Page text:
Friday, January 18, 2013
No railing at feds, waving guns like flags, or howling at the moon in Richard column
(I thought Turner Report readers would appreciate the opportunity to read a report from a Missouri state legislator who is not railing at the federal government, waving an assault rifle like an American flag, or howling at the moon. This one is the latest from Sen. Ron Richard, R-Joplin.)
This was the first full week of session, and much of our work was done in committees, which began meeting on Tuesday. Most of our focus will be on committee hearings with legislation slowly making its way to the floor for debate.
Senate President Pro Tem Tom Dempsey announced committee appointments for the new General Assembly. This year, I will chair the Rules, Joint Rules, Resolutions and Ethics Committee, which considers matters relating to ethics and the conduct of public officials and rules for the governing of the Senate.
I will also serve as vice chairman of the Administration Committee and the Gubernatorial Appointments Committee. The Administration Committee oversees all financial obligations and business affairs of the Missouri Senate, among other duties. The Gubernatorial Appointments Committee is responsible for approving the governor’s appointments to state boards and commissions.
On Wednesday, the Senate Jobs, Economic Development and Local Government Committee heard legislation that would create a tax incentive to attract amateur sporting events to the state, similar to a bill I filed last year. The measure would help cities and communities offset the costs of hosting amateur sporting events, such as college sports tournaments.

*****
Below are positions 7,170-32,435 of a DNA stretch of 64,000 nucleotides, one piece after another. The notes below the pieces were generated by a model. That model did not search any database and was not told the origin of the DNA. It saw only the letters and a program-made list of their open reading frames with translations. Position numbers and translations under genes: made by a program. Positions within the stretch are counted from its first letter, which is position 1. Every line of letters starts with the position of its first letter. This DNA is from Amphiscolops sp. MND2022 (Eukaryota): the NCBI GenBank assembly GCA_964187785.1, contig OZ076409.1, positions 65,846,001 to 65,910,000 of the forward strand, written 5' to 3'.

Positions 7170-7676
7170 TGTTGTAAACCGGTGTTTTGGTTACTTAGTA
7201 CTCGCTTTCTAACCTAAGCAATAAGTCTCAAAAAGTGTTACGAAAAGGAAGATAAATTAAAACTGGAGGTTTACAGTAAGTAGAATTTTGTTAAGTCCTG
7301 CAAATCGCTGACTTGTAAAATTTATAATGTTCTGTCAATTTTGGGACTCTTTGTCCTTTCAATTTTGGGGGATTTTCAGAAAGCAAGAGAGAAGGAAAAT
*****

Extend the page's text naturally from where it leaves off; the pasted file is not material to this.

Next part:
These events are a huge economic boost to the areas that host them. Visitors spend money at hotels, restaurants and local stores, which in turn brings in more revenue for the state. The incentive would be capped at $3 million, and assuming each visitor spends more than $100 a day, the costs of the program would easily be offset by the additional revenue.
Next week the Appropriations Committee will begin hearing testimony from state departments on their funding needs for the next fiscal year. Crafting the state budget is one of our most important tasks, and, due to declining revenue in recent years, one of our hardest.
Things look to be a little better this year, though. Revenue collections were up during the first half of the current fiscal year, and we are on track to exceed earlier projections.
We are enjoying a slight increase in budgetary funds, but it’s important we maintain the fiscal conservatism that enabled us to weather the last few years. The overall market is still unstable, and uncertainty from the federal government has only exacerbated the problem. We have to continue looking for ways to make our state government more efficient and eliminate any waste.